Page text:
Has somebody received more honour than you at a feast or in a greeting or in receiving advice? If these things are appropriate, you should be happy they happen to that person. If they are inappropriate, then don’t be bothered that they don’t happen to you. Remember that you cannot claim the same things if you don’t do the same things to get what is not in our control. For how can somebody get the same things as someone who visits a man’s door frequently if he doesn’t visit the door frequently? Or get the same as someone who escorts him if he doesn’t escort him? Or get the same as someone who praises him if he doesn’t praise him? You will be unjust and greedy if you want to take them as a gift instead of paying the price for which they are sold. But for what price are lettuces sold? A coin (obol), if it so happens. So if somebody pays the coin, he gets the lettuce. But if you don’t pay and don’t get it, do not think you have less than the person who gets the lettuce. Because like that person has the lettuce, you have the coin that you didn’t give away. It is exactly the same in the current case, if you are not invited to someone’s feast: you have not paid the host the price for which the meal is sold. He sells it for praise; he sells it for attention. Then give it to him, if the difference with the cost is profitable for you. But if you don’t want to pay the person and still get the things, then you are greedy and foolish. So don’t you have anything instead of the meal? You have received not praising the person that you didn’t want to praise and not facing his people at the door. — Epictetus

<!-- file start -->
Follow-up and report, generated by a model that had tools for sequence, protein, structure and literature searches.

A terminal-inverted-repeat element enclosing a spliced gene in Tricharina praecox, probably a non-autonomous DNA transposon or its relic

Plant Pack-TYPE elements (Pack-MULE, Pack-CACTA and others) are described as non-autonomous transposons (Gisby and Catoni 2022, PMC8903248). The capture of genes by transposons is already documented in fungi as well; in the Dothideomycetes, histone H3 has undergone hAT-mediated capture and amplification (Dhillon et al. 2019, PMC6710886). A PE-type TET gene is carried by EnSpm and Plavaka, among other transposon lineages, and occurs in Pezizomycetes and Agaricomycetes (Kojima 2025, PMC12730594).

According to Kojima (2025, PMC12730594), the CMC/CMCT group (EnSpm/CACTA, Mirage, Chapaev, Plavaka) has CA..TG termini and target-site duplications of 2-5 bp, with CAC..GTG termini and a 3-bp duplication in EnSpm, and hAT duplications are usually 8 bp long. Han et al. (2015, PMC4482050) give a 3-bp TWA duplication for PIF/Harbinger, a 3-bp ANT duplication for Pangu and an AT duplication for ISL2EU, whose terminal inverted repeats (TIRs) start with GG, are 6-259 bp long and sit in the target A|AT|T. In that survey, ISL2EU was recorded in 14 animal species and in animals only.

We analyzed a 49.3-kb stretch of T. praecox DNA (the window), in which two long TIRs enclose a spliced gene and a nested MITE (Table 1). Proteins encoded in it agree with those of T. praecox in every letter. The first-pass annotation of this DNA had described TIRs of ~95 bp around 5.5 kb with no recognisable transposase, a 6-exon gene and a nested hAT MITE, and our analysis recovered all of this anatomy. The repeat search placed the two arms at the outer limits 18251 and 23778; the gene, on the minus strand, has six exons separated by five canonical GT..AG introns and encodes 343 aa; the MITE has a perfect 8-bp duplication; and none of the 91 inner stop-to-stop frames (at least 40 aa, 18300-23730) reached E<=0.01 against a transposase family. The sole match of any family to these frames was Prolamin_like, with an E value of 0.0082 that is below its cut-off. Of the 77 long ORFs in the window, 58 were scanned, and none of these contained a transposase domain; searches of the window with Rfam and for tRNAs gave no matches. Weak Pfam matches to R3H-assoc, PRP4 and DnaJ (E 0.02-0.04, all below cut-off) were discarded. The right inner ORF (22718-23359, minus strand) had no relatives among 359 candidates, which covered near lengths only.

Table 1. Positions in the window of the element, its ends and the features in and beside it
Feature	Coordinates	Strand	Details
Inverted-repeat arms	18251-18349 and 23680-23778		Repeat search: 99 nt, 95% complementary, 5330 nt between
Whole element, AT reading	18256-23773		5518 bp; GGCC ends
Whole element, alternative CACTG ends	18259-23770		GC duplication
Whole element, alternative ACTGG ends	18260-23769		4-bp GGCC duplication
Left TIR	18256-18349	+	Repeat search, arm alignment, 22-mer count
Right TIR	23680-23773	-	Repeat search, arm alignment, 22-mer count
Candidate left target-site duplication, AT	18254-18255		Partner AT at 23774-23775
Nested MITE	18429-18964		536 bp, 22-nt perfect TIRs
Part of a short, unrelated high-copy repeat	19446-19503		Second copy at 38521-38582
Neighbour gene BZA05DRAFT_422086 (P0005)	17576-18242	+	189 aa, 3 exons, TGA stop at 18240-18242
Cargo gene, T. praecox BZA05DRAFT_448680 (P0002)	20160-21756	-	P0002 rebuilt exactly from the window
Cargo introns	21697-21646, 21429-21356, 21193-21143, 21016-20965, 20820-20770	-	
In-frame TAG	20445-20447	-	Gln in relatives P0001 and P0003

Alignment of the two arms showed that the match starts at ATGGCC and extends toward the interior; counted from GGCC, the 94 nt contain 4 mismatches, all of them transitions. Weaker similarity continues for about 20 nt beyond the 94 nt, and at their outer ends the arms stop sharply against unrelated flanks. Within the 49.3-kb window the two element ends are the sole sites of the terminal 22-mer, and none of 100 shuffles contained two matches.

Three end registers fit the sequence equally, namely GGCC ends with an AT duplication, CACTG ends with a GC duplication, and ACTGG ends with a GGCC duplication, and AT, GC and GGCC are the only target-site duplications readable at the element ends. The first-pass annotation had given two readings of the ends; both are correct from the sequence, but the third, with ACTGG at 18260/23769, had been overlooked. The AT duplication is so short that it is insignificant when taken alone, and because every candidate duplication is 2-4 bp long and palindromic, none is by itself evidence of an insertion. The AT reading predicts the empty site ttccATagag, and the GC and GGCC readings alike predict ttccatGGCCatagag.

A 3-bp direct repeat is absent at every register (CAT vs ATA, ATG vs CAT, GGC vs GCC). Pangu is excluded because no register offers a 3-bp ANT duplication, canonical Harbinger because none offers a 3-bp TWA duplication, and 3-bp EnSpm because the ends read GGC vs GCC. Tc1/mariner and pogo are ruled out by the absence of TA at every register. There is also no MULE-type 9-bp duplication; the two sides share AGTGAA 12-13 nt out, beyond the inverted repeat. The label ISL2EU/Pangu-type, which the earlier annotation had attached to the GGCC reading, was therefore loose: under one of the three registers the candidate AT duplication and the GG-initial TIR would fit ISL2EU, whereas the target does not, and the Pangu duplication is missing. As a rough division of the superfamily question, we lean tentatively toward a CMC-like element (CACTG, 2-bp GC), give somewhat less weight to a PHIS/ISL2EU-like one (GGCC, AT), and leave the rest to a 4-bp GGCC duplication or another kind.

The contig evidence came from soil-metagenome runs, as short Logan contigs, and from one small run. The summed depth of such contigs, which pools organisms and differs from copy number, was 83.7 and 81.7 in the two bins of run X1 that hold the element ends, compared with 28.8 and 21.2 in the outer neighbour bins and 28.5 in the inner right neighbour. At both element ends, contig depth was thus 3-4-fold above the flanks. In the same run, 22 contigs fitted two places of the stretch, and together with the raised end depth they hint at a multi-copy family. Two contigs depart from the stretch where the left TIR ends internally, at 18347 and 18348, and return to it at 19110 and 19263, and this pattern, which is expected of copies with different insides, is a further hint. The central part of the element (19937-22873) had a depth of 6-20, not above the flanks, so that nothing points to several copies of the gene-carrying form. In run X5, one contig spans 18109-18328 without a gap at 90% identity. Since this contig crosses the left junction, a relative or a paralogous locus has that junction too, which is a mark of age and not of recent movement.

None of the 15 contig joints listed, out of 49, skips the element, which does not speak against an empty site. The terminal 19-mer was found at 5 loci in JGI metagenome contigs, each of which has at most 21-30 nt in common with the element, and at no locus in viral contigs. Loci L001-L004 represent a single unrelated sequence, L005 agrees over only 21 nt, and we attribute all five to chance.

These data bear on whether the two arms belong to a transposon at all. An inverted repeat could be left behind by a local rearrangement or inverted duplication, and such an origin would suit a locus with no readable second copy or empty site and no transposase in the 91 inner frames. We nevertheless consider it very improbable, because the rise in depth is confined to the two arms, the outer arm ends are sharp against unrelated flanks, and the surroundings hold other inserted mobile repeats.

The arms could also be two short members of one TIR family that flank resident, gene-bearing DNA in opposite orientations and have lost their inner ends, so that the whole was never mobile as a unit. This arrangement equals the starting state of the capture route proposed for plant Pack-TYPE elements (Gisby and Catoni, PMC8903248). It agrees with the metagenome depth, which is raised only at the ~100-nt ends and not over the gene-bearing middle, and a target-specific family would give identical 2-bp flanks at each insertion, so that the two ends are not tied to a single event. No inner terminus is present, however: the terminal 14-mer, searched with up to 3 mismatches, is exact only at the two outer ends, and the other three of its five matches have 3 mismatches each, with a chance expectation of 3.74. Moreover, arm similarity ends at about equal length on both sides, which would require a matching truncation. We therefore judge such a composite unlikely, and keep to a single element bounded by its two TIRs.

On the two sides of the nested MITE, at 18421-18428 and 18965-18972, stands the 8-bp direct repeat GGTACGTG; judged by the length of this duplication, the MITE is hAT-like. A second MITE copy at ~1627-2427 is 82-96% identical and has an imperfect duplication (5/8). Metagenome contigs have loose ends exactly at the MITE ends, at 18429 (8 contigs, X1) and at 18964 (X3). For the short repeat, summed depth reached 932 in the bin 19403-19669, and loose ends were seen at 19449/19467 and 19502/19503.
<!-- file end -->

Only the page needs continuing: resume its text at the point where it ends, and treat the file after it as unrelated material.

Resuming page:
It just happened, I lived that quote.
A friend of mine, from high school, just got married. I wasn’t invited, I saw the precious wedding, packed with lots of friendly faces from back in the day, my friend smiling happily ever after as he danced with his now wife. Not mentioning Covid-19 of course, the party looked amazing, I would have like to go, but I wasn’t invited.
And it is true, as Epictetus mentions, I didn’t pay the price to be there. I can’t remember the last time I called him. I didn’t even knew he was getting married until recently by another friend. I didn’t called to say congrats or any of that. So naturally, he didn’t invite me.
I’m not terribly sad about the situation though. I decided to live someplace else and live a life away from his life. I’d be greedy if I’d found myself angry at him for not inviting me to his wedding, as I already mentioned, I didn’t pay the price. What I want to say, is, that, as much as I like him (we had really good times as kids) and I still like him, it doesn’t really hurt me (and it shouldn’t, at all) as much as say, a really dear friend of mine, or maybe my brother! or sister! not inviting me to their wedding. That would indeed be a price I’d regret not having paid.
Prices Worth Paying
“Let us prepare our minds as if we’d come to the very end of life. Let us postpone nothing. Let us balance life’s books each day. The one who puts the finishing touches on their life each day is never short of time.” — Seneca
Life is composed by short games and long games that give you back sorts of ‘value’.
Short games, by their nature, pay you at the moment with comfort, they are easy and they have pleasurable consequences. You don’t really ‘pay’ anything when you play short games, you ‘borrow’ future, bigger rewards.